Oil: The Inflation Maker | April 22, 2022

AUTHOR: Jason J. Roque, MS, CFP®, APMA®, AWMA®
TITLE:       Investment Adviser Rep – CCO
TAGS:   S&P 500, NASDAQ, Rates, Inflation

Oil fell and markets fell with them. Why did the inflation maker not have a positive impact on equities?

Monday                            S&P 500 0.02% | NASDAQ 0.14%

Market movement was choppy all day. They ended up roughly unchanged. Investors were digesting elevated Russian activity in Ukraine and mixed earnings data. An outperformer was Bank of America as they capitalized on consumer lending, which will likely slow in the second quarter.

Tuesday                            S&P 500 1.61% | NASDAQ 2.15%

Stocks came out of the gates smoking hot on Tuesday. Yields were rising, which would typically signal a stronger S&P 500, but it was NASDAQ that led the way. This came as a result of weaker energy prices. That would signal weaker inflation and less impetus for rate hikes.

Wednesday                      S&P 500 0.06% | NASDAQ 1.22%

Markets ebbed and flowed between gains and losses throughout the day. Crude inventories fell more than expected, causing oil prices to be more volatile on the day. Earnings data performed well with the exception of United Airlines.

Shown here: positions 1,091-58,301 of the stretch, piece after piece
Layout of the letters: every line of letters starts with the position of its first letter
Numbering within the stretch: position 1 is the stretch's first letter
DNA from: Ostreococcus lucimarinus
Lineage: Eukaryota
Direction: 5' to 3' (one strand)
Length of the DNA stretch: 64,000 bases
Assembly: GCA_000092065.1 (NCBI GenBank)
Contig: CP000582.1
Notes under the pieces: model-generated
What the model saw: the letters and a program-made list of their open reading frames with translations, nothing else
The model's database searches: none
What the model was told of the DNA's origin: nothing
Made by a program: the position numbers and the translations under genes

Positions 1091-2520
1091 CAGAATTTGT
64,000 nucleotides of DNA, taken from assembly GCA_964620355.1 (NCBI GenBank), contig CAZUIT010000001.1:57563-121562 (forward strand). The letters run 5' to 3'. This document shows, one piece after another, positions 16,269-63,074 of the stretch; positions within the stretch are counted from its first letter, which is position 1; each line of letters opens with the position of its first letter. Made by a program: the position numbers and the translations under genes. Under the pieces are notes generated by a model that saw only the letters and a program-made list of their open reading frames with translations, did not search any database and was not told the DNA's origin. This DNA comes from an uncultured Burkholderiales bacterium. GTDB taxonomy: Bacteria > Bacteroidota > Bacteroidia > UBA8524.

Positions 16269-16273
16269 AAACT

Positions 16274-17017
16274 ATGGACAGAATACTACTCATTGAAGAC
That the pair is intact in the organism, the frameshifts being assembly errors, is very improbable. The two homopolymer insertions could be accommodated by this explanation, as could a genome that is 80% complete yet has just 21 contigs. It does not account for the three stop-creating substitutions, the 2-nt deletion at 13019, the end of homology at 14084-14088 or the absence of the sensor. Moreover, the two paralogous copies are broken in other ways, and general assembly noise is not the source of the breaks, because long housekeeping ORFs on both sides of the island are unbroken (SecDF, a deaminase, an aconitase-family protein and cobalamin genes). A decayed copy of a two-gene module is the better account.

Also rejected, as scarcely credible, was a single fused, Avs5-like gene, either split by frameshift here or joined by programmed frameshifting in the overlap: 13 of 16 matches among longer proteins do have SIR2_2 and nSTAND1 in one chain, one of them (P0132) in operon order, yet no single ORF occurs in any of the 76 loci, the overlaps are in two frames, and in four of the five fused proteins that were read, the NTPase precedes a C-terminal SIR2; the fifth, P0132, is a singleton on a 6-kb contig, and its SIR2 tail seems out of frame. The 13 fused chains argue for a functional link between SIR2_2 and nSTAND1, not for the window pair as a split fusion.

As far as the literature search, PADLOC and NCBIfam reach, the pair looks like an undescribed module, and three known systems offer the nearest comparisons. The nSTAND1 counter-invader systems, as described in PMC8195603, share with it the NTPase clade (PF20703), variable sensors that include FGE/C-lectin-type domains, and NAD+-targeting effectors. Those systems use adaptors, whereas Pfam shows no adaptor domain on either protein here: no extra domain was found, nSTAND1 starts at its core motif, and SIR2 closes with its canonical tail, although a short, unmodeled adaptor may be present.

Thursday                          S&P 500 1.50% | NASDAQ 2.06%

The trading day started red hot with the S&P 500 up over 1%; however, that faded immediately. The fade came as yields pressed higher. Equities sold off as inflationary pressures lead us to persistent rate hikes likely throughout next year.

Friday                               S&P 500 2.77% | NASDAQ 2.55%

The selling continued into Friday. The pressure on yields continued and oil prices continued to ease. Those easing prices did nothing to buoy stocks. Oil prices struggled as a result of continued lockdowns in Shanghai. The lack of demand from that region has dampened prices.

Conclusion                       S&P 500 2.60% | NASDAQ 3.60%

Oil Prices have softened over the last week. On the surface, this can be seen as a positive as it would signal weaker inflationary pressures over the next several weeks (and if it persists, months). “If it persists” is the key, however. The current move in oil prices has to do with slowing demand as Shanghai remains under a COVID related lockdown. If they were to reopen soon, that demand comes back online. More concerning is the impact their closure will have on supply lines a few months from now. Our demand will deplete inventories and shelves likely will not be restocked in time for that depletion. This will further delay the softening of inflationary factor.

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